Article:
BTW I have the korkers also and don’t really like the ones I have. You have to tie them to your boots and they never really feel secure to me. I would prefer to wear climbing shoes or skate boarding sneakers.

While we wear them almost daily I will admit Korkers can be hazardous. While it has only happened once that I can remember, they can fall off due to any number of circumstances. There are boots you can purchase which are much safer but they are $150 and up and take more time to put on/off. Additionally you can purchase boots/shoes have have the spikes put on them. I think that would be the safest way to go…yet I still wear korkers.

Would you guys suggest Korkers with the rubber soles for asphalt roofs over just standard running/tennis shoes?

Just a soft rubber shoe will be fine. its the pitch and condition of the roof you need pay extra attention to. Really you should have a safety line with you no matter what. I know, it’s not practical on low pitched roofs. I’m guilty of it. But accidents happen anytime , anywhere. A preplan of your task is good to have too.
Do a walk around, take note of hazards, pitch & condition of roof, anchor points (natural or engineered) things like that.

look into getting some COUGARPAWS. recently purchased some and they’re a bit expensive but worth every doller. i use them for roof cleaning but have to admit that they dont work at a 100% when wet. should’nt be that much of an issue for you since you need them for gutter cleaning though.

You can obtain korkers from a roofing supply store. *** roofing supply is one of the larger ones. They have velcro bottoms that allow you to switch between the metal spiked pads for cedar roofs of the rubber sole for metal roofs. For metal or tile, I have found that cheap rubber boots work phenomenally well where as on composite roofs, plain sneakers with a good sole works best.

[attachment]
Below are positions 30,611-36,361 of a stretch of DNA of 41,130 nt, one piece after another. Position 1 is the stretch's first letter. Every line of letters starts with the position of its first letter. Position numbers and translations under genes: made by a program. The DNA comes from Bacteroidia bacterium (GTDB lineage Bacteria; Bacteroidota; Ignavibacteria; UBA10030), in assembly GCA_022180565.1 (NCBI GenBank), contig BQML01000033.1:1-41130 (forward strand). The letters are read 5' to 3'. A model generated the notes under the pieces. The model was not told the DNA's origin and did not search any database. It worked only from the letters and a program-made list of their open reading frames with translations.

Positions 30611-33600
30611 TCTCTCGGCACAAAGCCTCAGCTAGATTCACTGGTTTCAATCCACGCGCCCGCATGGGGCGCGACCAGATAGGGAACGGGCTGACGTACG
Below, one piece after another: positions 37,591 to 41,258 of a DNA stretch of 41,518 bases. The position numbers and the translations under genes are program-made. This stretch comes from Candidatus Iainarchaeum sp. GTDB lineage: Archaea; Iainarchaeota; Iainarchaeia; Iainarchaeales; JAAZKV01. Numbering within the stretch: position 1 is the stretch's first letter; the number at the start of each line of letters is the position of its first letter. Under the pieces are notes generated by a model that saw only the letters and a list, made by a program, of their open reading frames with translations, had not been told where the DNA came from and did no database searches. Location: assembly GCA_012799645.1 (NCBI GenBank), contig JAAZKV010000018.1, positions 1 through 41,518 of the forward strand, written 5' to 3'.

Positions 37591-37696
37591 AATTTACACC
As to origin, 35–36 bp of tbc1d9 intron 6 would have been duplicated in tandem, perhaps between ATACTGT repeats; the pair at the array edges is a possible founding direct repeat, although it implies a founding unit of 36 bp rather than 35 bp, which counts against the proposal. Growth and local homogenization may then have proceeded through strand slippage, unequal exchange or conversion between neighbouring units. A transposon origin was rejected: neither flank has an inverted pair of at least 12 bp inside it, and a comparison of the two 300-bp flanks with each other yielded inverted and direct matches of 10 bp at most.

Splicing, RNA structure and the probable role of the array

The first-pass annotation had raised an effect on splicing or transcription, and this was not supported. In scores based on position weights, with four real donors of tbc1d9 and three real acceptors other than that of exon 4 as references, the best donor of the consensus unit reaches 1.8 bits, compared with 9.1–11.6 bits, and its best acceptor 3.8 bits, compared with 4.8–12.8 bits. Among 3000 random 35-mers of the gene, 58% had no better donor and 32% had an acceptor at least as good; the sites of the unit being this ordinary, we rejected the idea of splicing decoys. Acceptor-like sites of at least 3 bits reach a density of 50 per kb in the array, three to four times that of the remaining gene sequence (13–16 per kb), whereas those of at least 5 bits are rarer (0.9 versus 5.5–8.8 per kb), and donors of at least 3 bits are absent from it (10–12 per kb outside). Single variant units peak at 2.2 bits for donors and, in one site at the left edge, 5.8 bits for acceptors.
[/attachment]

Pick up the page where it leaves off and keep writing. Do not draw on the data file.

As for tying off, OSHA, in Oregon, says that your tie off point must be able to support 5000 lbs and you must tie off above 10’. So you can have a harness (I will be purchasing a tree climbing harness) with a rope tied to a tree or something down below that will support that weight. It is not recommended that you tie off to your vehicle unless you hold the keys as an employee may start the vehicle and drive off with you attached (the OSHA rep told me that has actually happened). Your other option is to use a fall arrest system with a lanyard and a roof anchor. You can buy these from Home Depot, most lumber yards, or maybe even an equipment rental store. I prefer these but if there is no roof anchor already installed you have to install one. There are portables and permanents. Basically, if the house does not have a roof anchor it’s a pain in the butt to try and accomplish any gutter cleaning from the roof. Do what you can with a ladder.